This is absolutely fascinating. Somehow black and white film doesn’t seem quite ‘real’ but when you see images from the past in colour, it’s like a little piece of time travel. In 1927 Claude Friese-Greene shot some of the first-ever color film footage around London. He captured everyday life in the city with a technique innovated by his father, called Biocolour.
The plight of Detroit has been well documented. Over the past 50 years the Motor City’s population and industry have plummeted resulting in a city falling into decay. Detroiturbex is a website created to “raise awareness of the social and economic challenges the city of Detroit faces” through a series of photographs of abandoned civic institutions, parks and neighbourhoods.
In the new series Cass Tech – Now and Then brings those ghosts to the fore by superimposing old photographs taken in the deserted Lewis Cass Technical High School onto shots of their current condition. Though well worn, the collage technique fits well these eerie scenes of basketball games and dances in dilapidated gymnasiums. A moving showcase of a city’s sad decay.
Rare insight into WW2 photography before, during and after D-Day in 1944. Seeing these iconic images in colour somehow makes them seem all the more real compared to the usual black and white stills we are so used to seeing…. Absolutely fascinating. With the way we have so many means to take photos in the modern age, these photos have an ‘Instagram’ feel about them which we are now so used to seeing everywhere. Perhaps thats what makes these colour images from 68 years ago seem so fresh.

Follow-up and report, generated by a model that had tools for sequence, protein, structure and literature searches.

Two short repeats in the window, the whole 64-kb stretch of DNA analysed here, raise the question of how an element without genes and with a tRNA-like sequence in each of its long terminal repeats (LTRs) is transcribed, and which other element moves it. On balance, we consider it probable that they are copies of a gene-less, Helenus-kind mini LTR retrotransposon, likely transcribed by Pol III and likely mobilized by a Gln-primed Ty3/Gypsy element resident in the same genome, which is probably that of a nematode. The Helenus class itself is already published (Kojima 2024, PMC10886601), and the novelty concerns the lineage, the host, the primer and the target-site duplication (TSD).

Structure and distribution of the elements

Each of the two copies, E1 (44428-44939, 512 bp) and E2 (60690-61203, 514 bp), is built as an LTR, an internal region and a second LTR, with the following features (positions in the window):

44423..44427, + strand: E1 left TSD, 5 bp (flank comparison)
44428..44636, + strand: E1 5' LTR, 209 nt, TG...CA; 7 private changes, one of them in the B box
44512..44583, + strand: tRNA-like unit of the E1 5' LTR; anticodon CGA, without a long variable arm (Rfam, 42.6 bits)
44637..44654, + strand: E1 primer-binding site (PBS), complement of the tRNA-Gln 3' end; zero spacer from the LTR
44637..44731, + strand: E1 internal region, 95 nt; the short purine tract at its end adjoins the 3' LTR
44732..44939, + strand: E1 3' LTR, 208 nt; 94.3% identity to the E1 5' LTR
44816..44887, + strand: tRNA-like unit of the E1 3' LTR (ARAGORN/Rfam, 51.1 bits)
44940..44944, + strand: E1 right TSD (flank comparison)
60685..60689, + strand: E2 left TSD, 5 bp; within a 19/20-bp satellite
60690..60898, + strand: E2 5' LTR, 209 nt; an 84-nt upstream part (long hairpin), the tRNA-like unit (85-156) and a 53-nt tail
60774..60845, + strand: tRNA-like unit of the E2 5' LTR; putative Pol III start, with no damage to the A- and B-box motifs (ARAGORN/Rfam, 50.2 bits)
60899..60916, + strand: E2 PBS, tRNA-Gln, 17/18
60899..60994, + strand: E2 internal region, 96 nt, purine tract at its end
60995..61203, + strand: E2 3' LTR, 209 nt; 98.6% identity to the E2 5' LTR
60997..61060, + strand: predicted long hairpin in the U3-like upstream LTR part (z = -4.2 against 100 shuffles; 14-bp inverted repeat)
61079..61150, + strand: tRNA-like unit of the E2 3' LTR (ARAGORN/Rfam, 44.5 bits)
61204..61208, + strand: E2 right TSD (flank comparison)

These photos were taken by LIFE Photographer Frank Scherschel who was a serving soldier at the time. Described as so:
In color photos taken before and after the invasion, LIFE’s Frank Scherschel captured countless other, lesser-known scenes from the run-up to the onslaught and the heady weeks after: American troops training in small English towns; the French countryside, implausibly lush after the spectral landscape of the beachheads; the reception GIs enjoyed en route to the capital; the jubilant liberation of Paris itself. As presented here, in masterfully restored color, Scherschel’s pictures feel at-once profoundly familiar and somehow utterly, vividly new.
I have a shiny DSLR camera which I won in a competition (true story!) I occasionally take it off the auto function but in all honesty it scares me a little. I really want to learn how to use the beast properly so useful resources like this are excellent…
Whenever I’m in an aeroplane I love it when you have a clear day for the majority of your route. To see the world from above is fascinating as even some of the most urban areas have an element of peace and beauty about them. I have taken some nice shots from the air in my time, but some of these shots from upon high are amazing…
I am now going to trawl through my Flickr account soon and see if I can compare! 🙂